UCLH hosts endoscopy study day for Pentax Medical’s HD+ and i-scan system

16 August 2012

University College Hospital London NHS Foundation Trust (UCLH) has recently hosted a first ‘hands-on’ gastrointestinal endoscopy study day focusing on the effective use of PENTAX Medical’s HD+ and i-scan imaging system.

The course, attended by consultant endoscopists from around the UK, was presented by UCLH gastroenterology experts. It helped participants to ensure best practice when using i-scan technology and assess the clinical benefits that this technology presents.

UCLH experts, Dr Matthew Banks, Dr Rehan Haidry and Dr Rosa Vega, all lead ‘hands-on’ sessions to help demonstrate the use of i-scan endoscopic optics for both the diagnosis of gastrointestinal mucosal disease and to increase the recognition of early cancer in the upper and lower gastrointestinal tract.

 In addition to being able to directly view more advanced endoscopy procedures, such as Endoscopic Mucosal Resection (EMR), delegates also had the opportunity for discussion with peers in a small group environment.

i-scan image of intestine
i-scan enhanced image of Tubulo-villous adenoma

A presentation given by PENTAX Medical product specialists, provided a technical overview of the HD+ and i-scan imaging system. This highlighted key features of the technology which deliver live, clear 1.3 million pixel images and its virtual chromoendoscopy options, for early cancer detection.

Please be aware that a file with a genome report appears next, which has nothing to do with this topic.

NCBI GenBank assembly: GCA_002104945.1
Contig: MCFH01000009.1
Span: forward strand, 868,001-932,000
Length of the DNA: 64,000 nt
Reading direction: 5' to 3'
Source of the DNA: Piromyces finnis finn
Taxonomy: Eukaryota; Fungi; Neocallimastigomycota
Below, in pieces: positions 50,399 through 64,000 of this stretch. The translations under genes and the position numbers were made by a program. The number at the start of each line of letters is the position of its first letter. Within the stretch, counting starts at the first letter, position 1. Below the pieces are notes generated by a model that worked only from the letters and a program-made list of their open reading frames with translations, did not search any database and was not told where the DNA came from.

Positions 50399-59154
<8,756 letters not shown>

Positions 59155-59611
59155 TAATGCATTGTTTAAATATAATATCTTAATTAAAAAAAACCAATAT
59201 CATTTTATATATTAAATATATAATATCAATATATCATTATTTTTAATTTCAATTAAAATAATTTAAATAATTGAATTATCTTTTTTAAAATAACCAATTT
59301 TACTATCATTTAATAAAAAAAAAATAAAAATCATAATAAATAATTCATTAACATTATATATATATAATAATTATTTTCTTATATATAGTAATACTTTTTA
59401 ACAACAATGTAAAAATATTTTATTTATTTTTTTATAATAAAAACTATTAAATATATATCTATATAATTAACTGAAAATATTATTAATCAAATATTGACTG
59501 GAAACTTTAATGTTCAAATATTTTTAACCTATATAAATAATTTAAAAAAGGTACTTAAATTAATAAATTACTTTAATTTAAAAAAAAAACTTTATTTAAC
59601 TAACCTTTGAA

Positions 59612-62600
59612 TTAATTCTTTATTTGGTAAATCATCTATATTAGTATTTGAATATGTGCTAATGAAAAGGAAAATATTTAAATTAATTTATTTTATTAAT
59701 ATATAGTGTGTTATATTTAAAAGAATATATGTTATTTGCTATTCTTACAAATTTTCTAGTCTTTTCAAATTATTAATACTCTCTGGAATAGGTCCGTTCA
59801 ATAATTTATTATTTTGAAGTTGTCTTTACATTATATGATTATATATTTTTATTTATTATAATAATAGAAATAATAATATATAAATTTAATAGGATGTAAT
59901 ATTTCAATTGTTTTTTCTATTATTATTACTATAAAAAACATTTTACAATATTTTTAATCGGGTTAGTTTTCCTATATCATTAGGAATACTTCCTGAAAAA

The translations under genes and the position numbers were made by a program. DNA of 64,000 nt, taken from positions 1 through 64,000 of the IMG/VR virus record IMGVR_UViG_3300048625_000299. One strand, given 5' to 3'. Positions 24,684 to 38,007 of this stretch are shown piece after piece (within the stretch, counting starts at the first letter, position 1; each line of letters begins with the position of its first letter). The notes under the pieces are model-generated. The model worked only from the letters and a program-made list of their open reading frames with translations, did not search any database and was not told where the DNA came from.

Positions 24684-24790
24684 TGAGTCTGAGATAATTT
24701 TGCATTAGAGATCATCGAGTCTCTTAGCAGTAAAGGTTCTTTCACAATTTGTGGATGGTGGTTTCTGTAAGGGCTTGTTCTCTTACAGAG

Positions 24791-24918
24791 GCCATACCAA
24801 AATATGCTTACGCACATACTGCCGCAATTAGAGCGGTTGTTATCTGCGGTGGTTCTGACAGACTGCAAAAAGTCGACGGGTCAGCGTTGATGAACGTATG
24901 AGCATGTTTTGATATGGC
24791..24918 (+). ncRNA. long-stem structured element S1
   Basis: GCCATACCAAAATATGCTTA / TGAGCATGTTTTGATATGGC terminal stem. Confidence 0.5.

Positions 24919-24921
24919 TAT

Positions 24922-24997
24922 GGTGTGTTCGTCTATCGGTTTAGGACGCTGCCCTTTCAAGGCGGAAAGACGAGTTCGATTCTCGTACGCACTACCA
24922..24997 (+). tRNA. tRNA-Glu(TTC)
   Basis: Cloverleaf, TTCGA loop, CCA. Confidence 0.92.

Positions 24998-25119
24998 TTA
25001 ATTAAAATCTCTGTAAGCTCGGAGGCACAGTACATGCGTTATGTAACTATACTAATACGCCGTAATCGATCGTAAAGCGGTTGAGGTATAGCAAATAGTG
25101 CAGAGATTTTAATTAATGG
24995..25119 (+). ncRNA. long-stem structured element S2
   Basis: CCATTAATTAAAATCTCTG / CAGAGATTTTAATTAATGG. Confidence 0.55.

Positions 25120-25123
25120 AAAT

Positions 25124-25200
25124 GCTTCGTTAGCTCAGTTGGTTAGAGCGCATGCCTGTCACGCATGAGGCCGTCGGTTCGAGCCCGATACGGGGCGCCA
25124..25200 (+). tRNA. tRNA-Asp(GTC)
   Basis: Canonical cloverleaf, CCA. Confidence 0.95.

Consequently, delegates also participated in detailed tuition on the classification of i-scan Surface Enhanced and Tone Enhanced images using UCLH’s video case study library. Observations of correlations between i-scan images and histology outcomes made during these sessions will contribute to the creation of a new i-scan image classification.

With published evidence now demonstrating that i-scan enhanced images can help to predict early cancer, as presented in a recent paper1 published by the UCLH team, attendees were keen to learn more.

“The study day has been extremely helpful, enabling us to start using the extraordinarily high resolution and virtual chromoendoscopic images produced by i-scan to develop a better way of visually identifying lesions to minimise the use of biopsies and limited histology services in countries such as Zambia,” explained Dr Paul Kelly, Reader in Tropical Gastroenterology, Barts and The London. “I’m concerned that we may be missing early stage cancers that could be identified by using i-scan to its full capacity.”

“I am extremely pleased that our i-scan study day has been very well received by our peers, particularly the opportunity for observation and discussion in small groups during our live cases,” said Dr Matthew Banks, UCLH. “It is great to be able to share our knowledge and experience of the clinical benefits presented by HD+ and i-scan imaging. We also appreciate the feedback from attendees to ensure that future study days will even better meet the educational needs of our delegates.”


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